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Am I At Fault For An Accident If I Don’t Remove The Ice On The Whole Windshield?

icy windshieldIcy windshields are commonplace during the winter months in New England. Clearing it off the car before you hit the road will keep you and other drivers safe. However, it is not unusual for someone to quickly scrape the ice off the driver’s side in a hurry and neglect the rest. If your involvement in a car accident had something to do with the ice remaining on your windshield, you could be at least partially at fault. However, the specific circumstances are critical, and talking to a car wreck attorney can help you better understand the legal options available to you and the other driver.

What Does the Law Say About Removing Snow and Ice From Your Vehicle?

In short, some states have laws that hold drivers accountable for not removing snow or ice from their vehicles, and some do not. For example, Massachusetts has no specific law requiring you to clear your entire windshield before driving. However, you could still receive a citation under other traffic laws. For example, police sometimes cite drivers who failed to clear all the snow and ice from their vehicles using a general rule that covers the operation of a car with an unsecured load. Additionally, drivers owe a duty of care to everyone with whom they share the road, meaning you are responsible for any actions that could cause someone harm because you owe them a duty to ensure your efforts are safe and reasonable on the road.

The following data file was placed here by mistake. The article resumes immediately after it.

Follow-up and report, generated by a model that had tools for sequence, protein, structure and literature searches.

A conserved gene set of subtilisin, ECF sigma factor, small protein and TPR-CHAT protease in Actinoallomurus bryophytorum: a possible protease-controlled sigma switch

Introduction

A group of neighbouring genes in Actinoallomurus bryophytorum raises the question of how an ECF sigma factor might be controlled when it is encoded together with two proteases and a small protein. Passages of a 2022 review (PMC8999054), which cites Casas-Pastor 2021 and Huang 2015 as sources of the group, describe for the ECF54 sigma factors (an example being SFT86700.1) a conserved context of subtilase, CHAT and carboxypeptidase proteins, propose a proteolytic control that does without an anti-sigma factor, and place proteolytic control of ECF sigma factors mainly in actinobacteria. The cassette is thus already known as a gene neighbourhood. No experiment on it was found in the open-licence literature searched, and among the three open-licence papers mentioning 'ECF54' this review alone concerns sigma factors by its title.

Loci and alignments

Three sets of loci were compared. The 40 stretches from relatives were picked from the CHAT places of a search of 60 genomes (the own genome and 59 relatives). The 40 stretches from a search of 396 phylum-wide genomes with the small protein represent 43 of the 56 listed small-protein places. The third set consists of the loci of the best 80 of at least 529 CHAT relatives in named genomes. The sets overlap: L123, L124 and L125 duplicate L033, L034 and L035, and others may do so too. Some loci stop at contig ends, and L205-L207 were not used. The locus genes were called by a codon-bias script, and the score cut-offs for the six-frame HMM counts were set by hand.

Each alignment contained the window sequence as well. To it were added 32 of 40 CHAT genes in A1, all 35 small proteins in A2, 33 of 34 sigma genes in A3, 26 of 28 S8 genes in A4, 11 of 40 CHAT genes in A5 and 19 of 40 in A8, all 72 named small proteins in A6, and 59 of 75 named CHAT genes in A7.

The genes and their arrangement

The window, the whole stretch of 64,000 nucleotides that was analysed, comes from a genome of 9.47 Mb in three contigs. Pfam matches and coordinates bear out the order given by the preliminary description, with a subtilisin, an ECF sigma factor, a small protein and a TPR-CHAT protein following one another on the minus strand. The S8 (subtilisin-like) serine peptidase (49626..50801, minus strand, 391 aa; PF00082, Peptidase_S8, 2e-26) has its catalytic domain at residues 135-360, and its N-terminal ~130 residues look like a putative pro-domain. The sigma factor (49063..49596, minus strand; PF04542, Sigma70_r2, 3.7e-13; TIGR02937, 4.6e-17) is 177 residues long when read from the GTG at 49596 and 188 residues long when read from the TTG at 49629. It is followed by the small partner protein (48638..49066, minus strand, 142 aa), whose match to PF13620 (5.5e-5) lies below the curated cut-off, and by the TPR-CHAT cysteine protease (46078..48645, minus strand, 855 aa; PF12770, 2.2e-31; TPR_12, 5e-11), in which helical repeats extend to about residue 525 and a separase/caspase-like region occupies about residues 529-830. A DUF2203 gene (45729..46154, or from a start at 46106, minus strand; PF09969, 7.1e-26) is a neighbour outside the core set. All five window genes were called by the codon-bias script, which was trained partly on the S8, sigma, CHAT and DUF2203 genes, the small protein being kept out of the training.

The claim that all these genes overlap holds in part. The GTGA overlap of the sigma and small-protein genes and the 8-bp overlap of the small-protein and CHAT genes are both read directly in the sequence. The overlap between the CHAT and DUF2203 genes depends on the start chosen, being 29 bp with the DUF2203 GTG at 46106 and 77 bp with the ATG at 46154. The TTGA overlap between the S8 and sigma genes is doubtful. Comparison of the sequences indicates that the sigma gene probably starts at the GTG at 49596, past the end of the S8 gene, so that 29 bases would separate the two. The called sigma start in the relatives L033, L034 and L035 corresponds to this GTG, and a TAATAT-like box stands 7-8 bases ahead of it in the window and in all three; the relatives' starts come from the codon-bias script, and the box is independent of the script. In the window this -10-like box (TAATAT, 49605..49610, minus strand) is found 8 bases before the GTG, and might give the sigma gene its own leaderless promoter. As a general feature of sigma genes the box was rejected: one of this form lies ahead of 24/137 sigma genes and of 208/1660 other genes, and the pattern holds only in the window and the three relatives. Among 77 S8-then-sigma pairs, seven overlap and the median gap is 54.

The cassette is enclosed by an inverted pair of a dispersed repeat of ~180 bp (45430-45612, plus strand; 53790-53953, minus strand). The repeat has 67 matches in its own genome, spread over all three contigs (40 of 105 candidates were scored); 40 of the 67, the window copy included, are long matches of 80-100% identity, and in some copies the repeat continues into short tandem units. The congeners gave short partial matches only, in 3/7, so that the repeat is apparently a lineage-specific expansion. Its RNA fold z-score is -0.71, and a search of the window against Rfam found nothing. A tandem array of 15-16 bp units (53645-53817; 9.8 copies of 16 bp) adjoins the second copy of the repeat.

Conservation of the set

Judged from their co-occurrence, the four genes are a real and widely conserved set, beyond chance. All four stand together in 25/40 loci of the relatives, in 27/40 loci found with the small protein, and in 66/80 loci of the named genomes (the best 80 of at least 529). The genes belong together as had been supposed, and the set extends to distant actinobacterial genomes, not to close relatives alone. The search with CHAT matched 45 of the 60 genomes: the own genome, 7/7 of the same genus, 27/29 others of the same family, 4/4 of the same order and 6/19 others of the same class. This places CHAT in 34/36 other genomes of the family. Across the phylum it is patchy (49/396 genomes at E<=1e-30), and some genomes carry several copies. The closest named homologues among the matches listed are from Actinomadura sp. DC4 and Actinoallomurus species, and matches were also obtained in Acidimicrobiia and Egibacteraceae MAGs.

What Is Personal Injury Law?

The law defines a personal injury, also known as a tort, as harm caused to another person’s body, reputation, or psychological state due to someone else’s negligence or malicious intention. For example, when someone suffers an injury in a car accident due to another driver’s negligence, they are liable for the losses incurred. However, several factors can affect liability: